Zika virus (ZIKV), which can cause devastating disease in fetuses of infected pregnant women, can be transmitted by mosquito inoculation and sexual routes. Little is known about immune protection against sexually transmitted ZIKV. In this study, we show that previous infection through intravaginal or subcutaneous routes with a contemporary Brazilian strain of ZIKV can protect against subsequent intravaginal challenge with a homologous strain. Both routes of inoculation induced high titers of ZIKV-specific and neutralizing antibody in serum and the vaginal lumen. Virus-specific T cells were recruited to and retained in the female reproductive tract after intravaginal and subcutaneous ZIKV infection. Studies in mice with genetic or acquired deficiencies in B and/or T cells demonstrated that both lymphocyte populations redundantly protect against intravaginal challenge in ZIKV-immune animals. Passive transfer of ZIKV-immune IgG or T cells significantly limited intravaginal infection of naive mice, although antibody more effectively prevented dissemination throughout the reproductive tract. Collectively, our experiments begin to establish the immune correlates of protection against intravaginal ZIKV infection, which should inform vaccination strategies in nonpregnant and pregnant women.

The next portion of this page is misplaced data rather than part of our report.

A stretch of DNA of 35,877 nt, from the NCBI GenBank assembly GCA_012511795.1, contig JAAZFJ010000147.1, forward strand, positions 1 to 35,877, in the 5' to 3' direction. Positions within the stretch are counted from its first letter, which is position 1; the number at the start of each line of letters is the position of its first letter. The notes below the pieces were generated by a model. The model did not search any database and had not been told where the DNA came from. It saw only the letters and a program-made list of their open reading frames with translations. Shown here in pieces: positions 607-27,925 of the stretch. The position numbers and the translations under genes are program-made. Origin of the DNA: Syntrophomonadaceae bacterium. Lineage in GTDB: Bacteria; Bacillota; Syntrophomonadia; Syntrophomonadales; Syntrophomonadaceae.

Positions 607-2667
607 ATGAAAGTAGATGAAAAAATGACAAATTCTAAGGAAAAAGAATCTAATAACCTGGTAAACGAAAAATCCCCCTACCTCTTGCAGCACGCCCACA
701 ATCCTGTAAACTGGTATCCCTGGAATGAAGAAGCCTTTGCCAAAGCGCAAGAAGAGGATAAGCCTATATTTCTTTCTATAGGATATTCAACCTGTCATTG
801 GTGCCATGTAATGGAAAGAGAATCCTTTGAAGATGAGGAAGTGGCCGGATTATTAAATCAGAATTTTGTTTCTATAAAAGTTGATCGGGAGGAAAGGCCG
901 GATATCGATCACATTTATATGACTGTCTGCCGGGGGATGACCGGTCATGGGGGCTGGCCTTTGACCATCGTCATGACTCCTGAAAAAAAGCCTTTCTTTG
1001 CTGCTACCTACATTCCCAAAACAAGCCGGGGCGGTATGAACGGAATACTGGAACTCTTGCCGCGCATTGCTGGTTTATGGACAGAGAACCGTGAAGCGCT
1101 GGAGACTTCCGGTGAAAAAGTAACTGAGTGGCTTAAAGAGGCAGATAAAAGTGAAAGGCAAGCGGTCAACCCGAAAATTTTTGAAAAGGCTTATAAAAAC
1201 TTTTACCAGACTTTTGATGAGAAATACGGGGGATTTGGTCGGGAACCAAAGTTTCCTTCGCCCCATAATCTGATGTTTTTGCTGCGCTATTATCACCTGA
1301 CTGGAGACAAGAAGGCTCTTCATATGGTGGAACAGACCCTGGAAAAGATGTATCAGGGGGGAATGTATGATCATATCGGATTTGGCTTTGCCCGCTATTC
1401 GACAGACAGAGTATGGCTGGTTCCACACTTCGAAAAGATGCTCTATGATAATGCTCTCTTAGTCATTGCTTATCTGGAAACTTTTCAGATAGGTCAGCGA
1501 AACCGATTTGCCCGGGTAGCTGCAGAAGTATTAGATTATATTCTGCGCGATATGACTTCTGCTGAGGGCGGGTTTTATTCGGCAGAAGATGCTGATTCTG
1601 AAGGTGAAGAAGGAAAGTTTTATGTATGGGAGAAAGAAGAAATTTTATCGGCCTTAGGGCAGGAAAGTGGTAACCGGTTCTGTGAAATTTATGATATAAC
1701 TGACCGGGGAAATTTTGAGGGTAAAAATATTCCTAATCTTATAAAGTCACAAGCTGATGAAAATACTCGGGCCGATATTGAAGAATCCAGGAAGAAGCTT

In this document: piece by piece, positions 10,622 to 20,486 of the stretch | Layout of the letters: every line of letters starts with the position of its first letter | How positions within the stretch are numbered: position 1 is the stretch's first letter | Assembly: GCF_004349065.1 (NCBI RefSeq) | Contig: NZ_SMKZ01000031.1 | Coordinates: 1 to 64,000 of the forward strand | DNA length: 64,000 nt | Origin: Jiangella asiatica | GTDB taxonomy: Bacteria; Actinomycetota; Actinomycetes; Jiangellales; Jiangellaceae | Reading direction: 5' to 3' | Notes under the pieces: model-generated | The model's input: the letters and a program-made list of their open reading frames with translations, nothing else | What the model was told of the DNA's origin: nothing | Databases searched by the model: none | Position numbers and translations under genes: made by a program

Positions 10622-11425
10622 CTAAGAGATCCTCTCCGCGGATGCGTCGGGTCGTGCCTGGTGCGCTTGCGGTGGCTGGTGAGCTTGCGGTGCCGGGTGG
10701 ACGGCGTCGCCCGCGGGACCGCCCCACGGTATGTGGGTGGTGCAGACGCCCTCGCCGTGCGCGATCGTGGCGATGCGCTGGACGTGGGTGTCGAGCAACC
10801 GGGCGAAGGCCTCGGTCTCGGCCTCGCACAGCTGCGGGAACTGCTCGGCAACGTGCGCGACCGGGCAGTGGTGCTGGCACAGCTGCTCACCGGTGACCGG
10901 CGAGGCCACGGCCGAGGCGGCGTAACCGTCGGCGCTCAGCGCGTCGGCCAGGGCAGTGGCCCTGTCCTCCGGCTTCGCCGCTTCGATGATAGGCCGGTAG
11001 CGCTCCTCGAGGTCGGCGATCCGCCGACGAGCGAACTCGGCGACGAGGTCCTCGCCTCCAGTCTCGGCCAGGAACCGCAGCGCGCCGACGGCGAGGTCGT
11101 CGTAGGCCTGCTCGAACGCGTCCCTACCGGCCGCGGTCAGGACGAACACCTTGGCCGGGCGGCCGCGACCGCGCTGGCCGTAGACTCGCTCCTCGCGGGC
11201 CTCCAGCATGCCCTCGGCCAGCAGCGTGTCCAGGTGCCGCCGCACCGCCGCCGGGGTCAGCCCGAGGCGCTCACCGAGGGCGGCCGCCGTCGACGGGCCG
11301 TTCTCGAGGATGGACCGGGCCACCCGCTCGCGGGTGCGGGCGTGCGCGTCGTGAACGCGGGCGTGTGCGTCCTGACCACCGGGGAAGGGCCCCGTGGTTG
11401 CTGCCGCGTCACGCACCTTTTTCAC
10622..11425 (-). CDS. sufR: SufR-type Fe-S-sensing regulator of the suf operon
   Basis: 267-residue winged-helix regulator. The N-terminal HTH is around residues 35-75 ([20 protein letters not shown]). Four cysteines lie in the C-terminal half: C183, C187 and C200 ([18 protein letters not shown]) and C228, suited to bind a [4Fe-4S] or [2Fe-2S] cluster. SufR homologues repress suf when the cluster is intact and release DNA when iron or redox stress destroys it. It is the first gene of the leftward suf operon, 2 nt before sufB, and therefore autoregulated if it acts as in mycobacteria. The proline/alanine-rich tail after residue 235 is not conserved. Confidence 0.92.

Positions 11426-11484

- Sexual transmission
- Zika virus